Jim

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Old 09-10-2012, 04:00 PM   #17
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I'm going to post my problems and issues thread for my eBIAB system soon. One issue I ran into while recirculating during the mash was that at full open, the pump actually emptied the space under the basket and bag. I didn't notice and most likely dry fired the element for a while. Continued at a lower flow rate, basically a trickle.

Possible solutions are to use a coarser bag, or use the lower flow rate. Can't stop recirculating because I placed my temperature sensor inline after the kettle drain.

Just something to keep mind.

Edit: 9/11/2012 "recirculating during the boil" - mistake.

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Old 09-11-2012, 11:00 AM   #18
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Notkevinc, I would be interested in the problems you've encountered so far. I've done some research and your issue with recirculation is the one thing that worry's me. I've got a few ideas, but will have to test once I get my system together. Here's what I think I'll try first. Inside the basket, I'll place the bag, but also place a coned SS false bottom in the bottom AFTER I put the bag in, this would not allow the bottom of the bag to clog and should aid in recirculation at better volumes by keeping the grain above the bag mesh. Again, this is just a theory right now and I'll have to wait to see if it actually works.

Jim

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Old 09-11-2012, 12:09 PM   #19
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When you recirculate during your mash you don't want to be at WOT, I made that mistake as well and scorched a mash. (Ashtray Wit anyone?) Granted I was using HWD elements so I was probably asking for it. Now I recirculate pretty slowly and haven't had any issues, mash efficiency has stayed the same and I haven't run my kettle dry.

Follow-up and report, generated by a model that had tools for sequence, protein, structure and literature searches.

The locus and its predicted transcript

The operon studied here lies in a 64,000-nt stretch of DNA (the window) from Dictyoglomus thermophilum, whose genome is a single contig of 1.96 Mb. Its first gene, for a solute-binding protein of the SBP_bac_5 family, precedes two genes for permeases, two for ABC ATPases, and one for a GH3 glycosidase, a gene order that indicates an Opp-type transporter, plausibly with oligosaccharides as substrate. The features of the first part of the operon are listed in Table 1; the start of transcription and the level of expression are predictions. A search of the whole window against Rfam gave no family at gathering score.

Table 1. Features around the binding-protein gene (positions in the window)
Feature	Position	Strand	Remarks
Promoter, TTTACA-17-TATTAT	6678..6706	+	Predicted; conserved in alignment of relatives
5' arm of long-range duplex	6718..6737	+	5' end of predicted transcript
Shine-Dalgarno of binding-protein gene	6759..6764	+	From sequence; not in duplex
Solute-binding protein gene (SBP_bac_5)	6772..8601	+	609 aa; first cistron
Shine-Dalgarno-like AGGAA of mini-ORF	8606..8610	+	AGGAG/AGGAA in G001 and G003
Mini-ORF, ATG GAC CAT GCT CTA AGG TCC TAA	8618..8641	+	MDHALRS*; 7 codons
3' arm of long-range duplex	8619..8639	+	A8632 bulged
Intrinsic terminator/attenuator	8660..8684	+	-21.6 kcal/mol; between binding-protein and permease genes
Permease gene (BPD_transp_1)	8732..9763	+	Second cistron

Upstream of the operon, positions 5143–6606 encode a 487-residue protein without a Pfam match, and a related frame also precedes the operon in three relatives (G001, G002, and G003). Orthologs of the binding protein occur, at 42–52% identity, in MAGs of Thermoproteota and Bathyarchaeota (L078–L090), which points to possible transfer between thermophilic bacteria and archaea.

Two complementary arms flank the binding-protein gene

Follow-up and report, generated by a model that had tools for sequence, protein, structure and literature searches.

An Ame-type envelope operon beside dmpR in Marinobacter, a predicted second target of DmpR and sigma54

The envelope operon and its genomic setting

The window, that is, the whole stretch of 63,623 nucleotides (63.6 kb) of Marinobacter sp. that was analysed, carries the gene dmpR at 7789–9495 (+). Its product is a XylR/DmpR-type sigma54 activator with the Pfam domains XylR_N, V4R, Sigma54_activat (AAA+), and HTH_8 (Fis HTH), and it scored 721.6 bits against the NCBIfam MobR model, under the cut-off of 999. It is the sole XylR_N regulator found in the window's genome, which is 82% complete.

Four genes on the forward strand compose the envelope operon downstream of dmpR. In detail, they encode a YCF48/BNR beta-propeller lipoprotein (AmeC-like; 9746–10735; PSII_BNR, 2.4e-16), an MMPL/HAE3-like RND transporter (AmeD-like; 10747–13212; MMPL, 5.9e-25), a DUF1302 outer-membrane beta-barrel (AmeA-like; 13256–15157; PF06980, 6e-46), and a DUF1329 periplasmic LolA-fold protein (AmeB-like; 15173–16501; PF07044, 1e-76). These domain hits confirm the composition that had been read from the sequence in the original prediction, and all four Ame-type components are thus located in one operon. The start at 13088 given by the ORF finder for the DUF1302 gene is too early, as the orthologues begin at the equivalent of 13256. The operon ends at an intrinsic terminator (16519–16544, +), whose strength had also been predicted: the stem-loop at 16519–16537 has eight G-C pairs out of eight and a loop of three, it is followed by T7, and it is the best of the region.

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Old 09-11-2012, 01:27 PM   #20
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I'm going to post my problems and issues thread for my eBIAB system soon. One issue I ran into while recirculating during the boil was that at full open, the pump actually emptied the space under the basket and bag. I didn't notice and most likely dry fired the element for a while. Continued at a lower flow rate, basically a trickle.

Possible solutions are to use a coarser bag, or use the lower flow rate. Can't stop recirculating because I placed my temperature sensor inline after the kettle drain.

Just something to keep mind.
BTDT, got the t-shirt.

http://www.homebrewtalk.com/f170/sin...38/index3.html

My conclusion after months of testing?

"Update: I don't recirc any more once I have mashed in and stabilized temp; had a couple of burned batches. Best I can figure, the pump was drawing faster than the wort was flowing through the grain bed (even though it was cranked down to a mere trickle) causing some cavitation under the basket resulting in an air pocket around the element allowing the wort to scorch. Now I simply heat to strike temp, dough in, circulate until temp stabilizes, stick the lid on, throw a blanket over it, and come back in 90 minutes. Normally don't lose more that 2 degrees over the 90 minute mash and haven't had a burnt batch since switching to this method."

YMMV